Greek Prime Minister George Papandreou gives way to a coalition government as the EU leaders attempt to force through more cuts and austerity. But the Greek people are fighting back, writes Martin Suchanek
THE 48-HOUR general strike on 19 and 20 October was the biggest since Greece’s economy was effectively placed under a dictatorship of the leaders of the “troika” of the European Commission (EC), the European Central Bank (ECB) and the International Monetary Fund (IMF).
Greece’s PASOK prime minister George Papandreou’s desperate ploy of calling a referendum on the latest cuts package was immediately vetoed by the irate duo – Sarkozy and Merkel – who summoned him to Cannes. If the referendum went ahead, they made clear, the loans would stop, and if the Greeks dared vote “no” then they would be out of the Eurozone.
Papandreou faces not only the Herculean task of trying to force through Sarkozy and Merkels’ “shock therapy” against the overwhelming opposition of the Greek people, without a shred of a democratic mandate. He also faces the unprincipled centre-right opposition party New Democracy (ND), led by Antonis Samaras.
Previous ND governments ran up gigantic debts to bankers of Frankfurt, Paris, London and New York, and ND are even more wholeheartedly in favour of the austerity plan than Papandreou is. They are now demanding that he resign and call an election.
The appalling fact is that there is no party with both the electoral strength and political courage to oppose the devastation of social and economic life that the austerity plans are wreaking on this small country. The ND politicians hope that the majority of Greeks, who oppose the cuts, will nevertheless give them a majority that will implement them more resolutely than Papandreou can.
To such a impasse has the “home of democracy” come. But it is the so-called democratic politicians of Europe who insist that the Greek people – from public and private sector workers to impoverished small farmers – must not be allowed any say over the looting and plunder of their country.
Papandreou’s only answer is a desperate attempt to manoeuvre ND into a national unity coalition, or to back an emergency government of “independent” experts, headed by a former European Bank chief. This would be a government even more remote from the pressure of the people – government of the bankers for the bankers by the bankers.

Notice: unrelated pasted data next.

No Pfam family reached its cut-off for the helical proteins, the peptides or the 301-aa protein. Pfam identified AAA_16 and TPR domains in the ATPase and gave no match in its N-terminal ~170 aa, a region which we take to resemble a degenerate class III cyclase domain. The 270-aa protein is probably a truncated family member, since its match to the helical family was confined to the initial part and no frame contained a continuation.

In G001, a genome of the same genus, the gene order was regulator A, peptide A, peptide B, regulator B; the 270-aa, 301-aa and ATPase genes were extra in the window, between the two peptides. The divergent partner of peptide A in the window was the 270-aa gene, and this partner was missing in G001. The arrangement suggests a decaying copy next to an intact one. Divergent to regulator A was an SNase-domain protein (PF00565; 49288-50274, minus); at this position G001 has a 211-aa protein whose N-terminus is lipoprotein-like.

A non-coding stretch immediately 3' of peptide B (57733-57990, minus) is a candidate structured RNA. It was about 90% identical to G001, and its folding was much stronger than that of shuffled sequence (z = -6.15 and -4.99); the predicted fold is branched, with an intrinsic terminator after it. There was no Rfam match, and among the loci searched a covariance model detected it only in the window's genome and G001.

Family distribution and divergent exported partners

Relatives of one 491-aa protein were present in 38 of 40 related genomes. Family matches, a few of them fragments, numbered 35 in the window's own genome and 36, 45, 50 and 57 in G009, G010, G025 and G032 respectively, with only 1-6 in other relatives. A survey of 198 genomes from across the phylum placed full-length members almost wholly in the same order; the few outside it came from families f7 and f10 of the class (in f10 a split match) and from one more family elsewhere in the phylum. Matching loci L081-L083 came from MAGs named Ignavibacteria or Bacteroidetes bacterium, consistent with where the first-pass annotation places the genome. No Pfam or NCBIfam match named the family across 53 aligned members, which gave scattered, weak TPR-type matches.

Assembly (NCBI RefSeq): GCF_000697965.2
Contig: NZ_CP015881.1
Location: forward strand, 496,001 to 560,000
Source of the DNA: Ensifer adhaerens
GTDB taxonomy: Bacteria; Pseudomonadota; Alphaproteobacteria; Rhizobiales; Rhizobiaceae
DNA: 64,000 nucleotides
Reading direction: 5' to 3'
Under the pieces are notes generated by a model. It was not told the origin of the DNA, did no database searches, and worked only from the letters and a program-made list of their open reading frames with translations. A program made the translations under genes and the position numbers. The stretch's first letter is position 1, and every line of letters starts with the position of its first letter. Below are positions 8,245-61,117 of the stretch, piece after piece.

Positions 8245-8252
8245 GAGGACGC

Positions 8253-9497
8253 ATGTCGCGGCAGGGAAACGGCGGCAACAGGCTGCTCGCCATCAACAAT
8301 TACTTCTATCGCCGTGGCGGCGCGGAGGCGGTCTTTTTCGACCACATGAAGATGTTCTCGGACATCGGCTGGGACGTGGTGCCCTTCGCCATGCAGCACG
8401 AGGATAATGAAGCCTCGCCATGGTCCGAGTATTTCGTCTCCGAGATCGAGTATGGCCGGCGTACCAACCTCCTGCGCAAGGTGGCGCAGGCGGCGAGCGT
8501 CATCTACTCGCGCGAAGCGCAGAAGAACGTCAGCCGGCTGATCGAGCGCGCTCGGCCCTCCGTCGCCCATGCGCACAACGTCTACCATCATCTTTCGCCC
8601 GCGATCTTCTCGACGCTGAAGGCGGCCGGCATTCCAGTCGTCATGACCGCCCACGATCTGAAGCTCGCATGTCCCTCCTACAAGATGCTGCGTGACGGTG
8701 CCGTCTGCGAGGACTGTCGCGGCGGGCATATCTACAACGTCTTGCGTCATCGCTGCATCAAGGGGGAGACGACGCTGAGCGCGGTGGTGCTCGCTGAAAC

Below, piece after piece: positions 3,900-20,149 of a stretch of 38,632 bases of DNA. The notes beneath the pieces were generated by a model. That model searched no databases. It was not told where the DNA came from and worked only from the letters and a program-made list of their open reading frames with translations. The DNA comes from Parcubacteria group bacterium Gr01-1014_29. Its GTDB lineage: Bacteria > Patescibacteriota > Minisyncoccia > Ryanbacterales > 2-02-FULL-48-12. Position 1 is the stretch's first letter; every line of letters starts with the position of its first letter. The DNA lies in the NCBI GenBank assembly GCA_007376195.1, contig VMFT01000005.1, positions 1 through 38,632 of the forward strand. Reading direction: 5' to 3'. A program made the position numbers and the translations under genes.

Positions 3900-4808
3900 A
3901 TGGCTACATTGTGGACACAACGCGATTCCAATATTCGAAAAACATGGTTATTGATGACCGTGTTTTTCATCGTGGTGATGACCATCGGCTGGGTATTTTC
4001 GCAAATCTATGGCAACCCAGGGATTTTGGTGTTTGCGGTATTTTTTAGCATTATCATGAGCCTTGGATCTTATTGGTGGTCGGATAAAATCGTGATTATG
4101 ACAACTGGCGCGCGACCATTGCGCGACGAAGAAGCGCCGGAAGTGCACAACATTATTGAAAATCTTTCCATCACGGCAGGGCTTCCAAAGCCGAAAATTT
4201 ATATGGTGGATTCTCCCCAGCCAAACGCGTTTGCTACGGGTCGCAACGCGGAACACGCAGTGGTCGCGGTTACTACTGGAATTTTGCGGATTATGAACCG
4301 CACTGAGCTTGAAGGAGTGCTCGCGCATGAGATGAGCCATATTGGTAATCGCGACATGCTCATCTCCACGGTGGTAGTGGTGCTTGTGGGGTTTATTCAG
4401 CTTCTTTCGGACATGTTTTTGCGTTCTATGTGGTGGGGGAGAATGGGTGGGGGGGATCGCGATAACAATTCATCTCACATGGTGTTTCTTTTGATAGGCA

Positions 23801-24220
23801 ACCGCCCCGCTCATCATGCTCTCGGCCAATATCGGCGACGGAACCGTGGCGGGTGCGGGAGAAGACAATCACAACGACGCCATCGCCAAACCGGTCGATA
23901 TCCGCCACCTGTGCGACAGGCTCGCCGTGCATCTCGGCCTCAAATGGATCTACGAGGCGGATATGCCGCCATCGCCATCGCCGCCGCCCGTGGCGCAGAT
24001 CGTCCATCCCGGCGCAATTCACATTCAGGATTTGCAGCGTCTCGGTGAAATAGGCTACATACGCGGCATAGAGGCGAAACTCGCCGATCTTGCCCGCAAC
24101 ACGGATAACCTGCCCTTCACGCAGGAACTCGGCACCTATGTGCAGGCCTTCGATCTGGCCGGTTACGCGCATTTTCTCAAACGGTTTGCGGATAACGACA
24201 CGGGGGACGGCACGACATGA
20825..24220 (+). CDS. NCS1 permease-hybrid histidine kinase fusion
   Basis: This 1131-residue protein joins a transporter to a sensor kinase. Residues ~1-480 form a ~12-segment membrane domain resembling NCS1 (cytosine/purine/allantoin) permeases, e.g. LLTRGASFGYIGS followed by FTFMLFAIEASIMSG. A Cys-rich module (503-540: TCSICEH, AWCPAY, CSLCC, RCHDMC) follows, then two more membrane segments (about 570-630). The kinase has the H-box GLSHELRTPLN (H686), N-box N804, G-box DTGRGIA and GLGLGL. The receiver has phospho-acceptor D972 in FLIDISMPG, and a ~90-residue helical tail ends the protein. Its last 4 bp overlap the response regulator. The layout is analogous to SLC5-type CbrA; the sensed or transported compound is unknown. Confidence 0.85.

The government in the service of the banks
Greece shows many countries of Europe their future. The ironically named EU “rescue package” being implemented there is a historically unprecedented experiment, totally under the political supervision and control of the “troika”. The Greek government has to sit up and beg for every single euro. It has to confess that all the measures taken so far were too little, that more and yet more cuts and sell offs of public assets must be introduced.
On 20 October the Greek parliament agreed further cuts in public sector salaries of up to 50 per cent and effectively tore up all wage contracts in the private sector, leading to wage cuts of up to 20 per cent in real terms.
The dictates of the “troika” are in fact sharpening the crisis. But the Germany and France, the EU’s leading powers, are not “rescuing” Greece but their own banks, pension funds and other institutional bondholders. They are using the crisis to establish a dictatorship of international finance capital, of the banks and giant industrial corporations, over the EU.
Their problem is that the Greek state could collapse under the burden of debt, with unforeseeable consequences, not just for the Eurozone but also for the world economy. With Spain and Italy also facing state bankruptcy, writing off half the Greek debt was unavoidable to ensure Greece can continue paying and servicing the remaining half.
The harshness of the “rescue” is not only the means by which will Greece be forced into much greater, almost colonial, dependence. It will also strengthen the centralisation of EU finance policy under German and French control, turning the EU from an alliance of states into an imperialist federal state, under German hegemony with a French “partner.” Of course, the big issue is: will the patients survive the shock treatment? And will the doctors?
Fortunately there is another actor on the stage, one that can avert the impending tragedy: the Greek working class.
Rising class struggles
Over the last five years the country has experienced a wave of struggles. First there was the student movement of 2006 to 2007, with occupations and riots even before the world economic crisis broke. Then there was an uprising of the youth in December 2008, after the police murder of 15-year-old school student Alexis Grigoropoulos. This led to the collapse of the ND government, new elections and the electoral victory of the nationalist-populist PASOK.
Since 2009, there have been 13 general strikes and many sectional strikes. Inspired by the revolutions in Egypt and Tunisia and the occupation of public squares in Spain, a “movement of the indignant” developed in Athens and other Greek cities. Finally, in recent months there have been long strikes in transport and in the public sector. Time and again, ministries and offices were occupied. In many districts public sector workers, in protest against the cuts, have stopped carrying out functions like the sale of tickets on public transport.